Students Promote Flood Resilience and Reduce Insurance Costs
When Hurricane Matthew raged close to the Georgia coast in October 2016, residents of St. Marys, Georgia, watched anxiously. Most had already evacuated their homes—they had been warned that the city could see a 10-foot storm surge if Matthew passed by at high tide.
Fortunately, the storm’s path “wobbled” a bit and the eye of the storm moved seaward for a while instead of heading directly to St. Marys. The delay put the storm’s main impact at low rather than high tide, minimizing storm surge flooding. Before the storm had passed, though, it caused power outages, major road closures, and extensive flooding.
Despite the anxious hours watching the storm's path and the flooding and damage it left behind, students at St. Marys Middle School eventually saw it as a great hands-on learning experience. While the aftermath of flooding was still obvious in St. Marys' historic downtown, the seventh-grade students were learning about pathogens. Recognizing an opportunity, their teachers took students on a walk to look at areas of standing water where pathogens can breed.
“It’s unfortunate that something like Matthew had to happen, but it did lead perfectly into what we were talking about,” says Lori O’Brien, a teacher at St. Marys. “Matthew made the curriculum more relevant to the students because they could see flooding could bring about these kinds of pathogen-disease issues. That they aren’t just a problem in places such as Africa, that they have local significance, too.”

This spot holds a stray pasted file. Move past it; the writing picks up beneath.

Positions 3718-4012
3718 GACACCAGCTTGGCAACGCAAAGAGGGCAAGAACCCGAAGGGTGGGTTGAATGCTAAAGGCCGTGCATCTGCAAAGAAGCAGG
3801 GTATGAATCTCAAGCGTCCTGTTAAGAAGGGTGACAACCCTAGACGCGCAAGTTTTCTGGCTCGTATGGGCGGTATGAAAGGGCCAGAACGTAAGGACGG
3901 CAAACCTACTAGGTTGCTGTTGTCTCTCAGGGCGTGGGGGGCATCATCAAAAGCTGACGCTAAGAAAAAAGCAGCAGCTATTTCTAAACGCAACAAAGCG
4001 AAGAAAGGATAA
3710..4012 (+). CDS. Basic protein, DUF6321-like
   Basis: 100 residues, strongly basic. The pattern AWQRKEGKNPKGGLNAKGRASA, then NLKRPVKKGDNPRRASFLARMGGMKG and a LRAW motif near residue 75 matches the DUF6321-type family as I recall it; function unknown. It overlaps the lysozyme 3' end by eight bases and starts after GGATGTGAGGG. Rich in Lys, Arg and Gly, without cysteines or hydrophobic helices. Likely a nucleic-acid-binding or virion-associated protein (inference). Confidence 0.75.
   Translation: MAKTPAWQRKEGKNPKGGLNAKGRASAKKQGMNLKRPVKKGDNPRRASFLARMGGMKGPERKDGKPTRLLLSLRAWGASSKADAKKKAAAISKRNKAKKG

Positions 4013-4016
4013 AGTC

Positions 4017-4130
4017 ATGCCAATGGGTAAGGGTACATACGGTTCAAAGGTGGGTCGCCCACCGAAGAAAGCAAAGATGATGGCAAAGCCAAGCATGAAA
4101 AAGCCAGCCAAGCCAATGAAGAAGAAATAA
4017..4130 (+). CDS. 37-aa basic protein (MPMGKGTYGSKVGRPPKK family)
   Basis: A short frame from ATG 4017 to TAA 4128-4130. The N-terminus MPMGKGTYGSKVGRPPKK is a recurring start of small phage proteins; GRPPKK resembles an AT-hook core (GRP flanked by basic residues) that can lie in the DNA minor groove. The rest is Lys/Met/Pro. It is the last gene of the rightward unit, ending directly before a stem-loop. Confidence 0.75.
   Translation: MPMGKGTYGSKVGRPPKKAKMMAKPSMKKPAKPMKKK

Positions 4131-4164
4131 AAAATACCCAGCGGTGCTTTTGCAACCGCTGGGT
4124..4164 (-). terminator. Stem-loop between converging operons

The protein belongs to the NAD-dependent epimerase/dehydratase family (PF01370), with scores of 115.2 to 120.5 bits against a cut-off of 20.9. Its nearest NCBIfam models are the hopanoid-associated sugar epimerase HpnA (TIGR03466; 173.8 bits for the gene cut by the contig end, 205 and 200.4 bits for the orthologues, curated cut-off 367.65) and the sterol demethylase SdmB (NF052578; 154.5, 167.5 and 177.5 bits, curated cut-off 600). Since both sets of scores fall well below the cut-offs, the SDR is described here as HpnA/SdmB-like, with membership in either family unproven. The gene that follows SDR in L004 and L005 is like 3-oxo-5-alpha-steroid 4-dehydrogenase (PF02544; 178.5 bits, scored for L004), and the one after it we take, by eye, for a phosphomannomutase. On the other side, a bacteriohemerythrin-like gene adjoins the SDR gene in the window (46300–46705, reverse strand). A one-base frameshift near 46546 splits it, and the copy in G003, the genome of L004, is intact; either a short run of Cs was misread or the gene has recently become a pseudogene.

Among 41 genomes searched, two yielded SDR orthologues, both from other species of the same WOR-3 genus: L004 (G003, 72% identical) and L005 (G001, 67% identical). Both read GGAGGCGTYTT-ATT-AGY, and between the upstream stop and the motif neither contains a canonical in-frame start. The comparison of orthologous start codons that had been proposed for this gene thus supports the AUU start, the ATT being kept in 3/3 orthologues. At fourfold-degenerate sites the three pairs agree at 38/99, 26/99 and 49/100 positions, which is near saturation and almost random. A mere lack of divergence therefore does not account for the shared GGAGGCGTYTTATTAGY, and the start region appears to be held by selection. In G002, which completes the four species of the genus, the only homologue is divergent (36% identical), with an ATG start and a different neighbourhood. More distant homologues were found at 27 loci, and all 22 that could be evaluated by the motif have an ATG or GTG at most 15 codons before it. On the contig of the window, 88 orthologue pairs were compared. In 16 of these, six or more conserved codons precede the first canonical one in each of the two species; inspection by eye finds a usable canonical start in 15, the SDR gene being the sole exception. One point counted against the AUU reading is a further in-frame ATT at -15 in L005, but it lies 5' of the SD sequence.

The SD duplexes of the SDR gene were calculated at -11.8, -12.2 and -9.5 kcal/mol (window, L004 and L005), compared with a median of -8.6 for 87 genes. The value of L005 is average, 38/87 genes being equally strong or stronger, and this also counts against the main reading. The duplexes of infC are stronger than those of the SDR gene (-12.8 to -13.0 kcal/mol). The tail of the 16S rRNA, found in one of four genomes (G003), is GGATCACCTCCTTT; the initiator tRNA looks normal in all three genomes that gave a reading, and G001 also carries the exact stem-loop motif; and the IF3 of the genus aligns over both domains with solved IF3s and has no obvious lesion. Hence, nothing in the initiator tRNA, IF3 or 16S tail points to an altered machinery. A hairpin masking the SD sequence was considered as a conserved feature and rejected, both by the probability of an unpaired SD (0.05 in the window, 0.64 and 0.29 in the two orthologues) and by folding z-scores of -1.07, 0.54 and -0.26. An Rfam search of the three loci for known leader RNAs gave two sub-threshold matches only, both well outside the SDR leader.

What the students didn’t realize as they viewed the flood’s impacts is that they would soon be participating in a public outreach effort to increase their community’s flood resilience.
Natural flood barriers, but flat terrain
Coastal areas in Georgia are fortunate to be surrounded by large areas of undeveloped salt marshlands and barrier islands. These can act as natural flood barriers, absorbing excess water that could otherwise inundate cities. Nevertheless, flooding is still a major threat because the coastal terrain is so flat. At a distance 30 miles inland from the coast, the elevation is only around 100 feet above sea level. When storms bring heavy rains to the region, rivers attempt to move the excess water across the flat land. Occasionally, however, the rivers overflow their banks or deliver additional water to locations already dealing with storm surge from the ocean.
Adding to the risk of coastal flooding, Earth’s warming climate is causing sea level to rise. Since the tide gauge at Fort Pulaski—the only official tide measurement station in Georgia—began keeping records in 1935, local sea level has risen about a foot. Scientific studies show that sea level is likely to continue rising, increasing at an even faster rate. Projections indicate that sea level will rise between three and six feet by the end of the century, depending on the success of global efforts to reduce emissions of heat-trapping gases.
Encouraging communities to address flood risks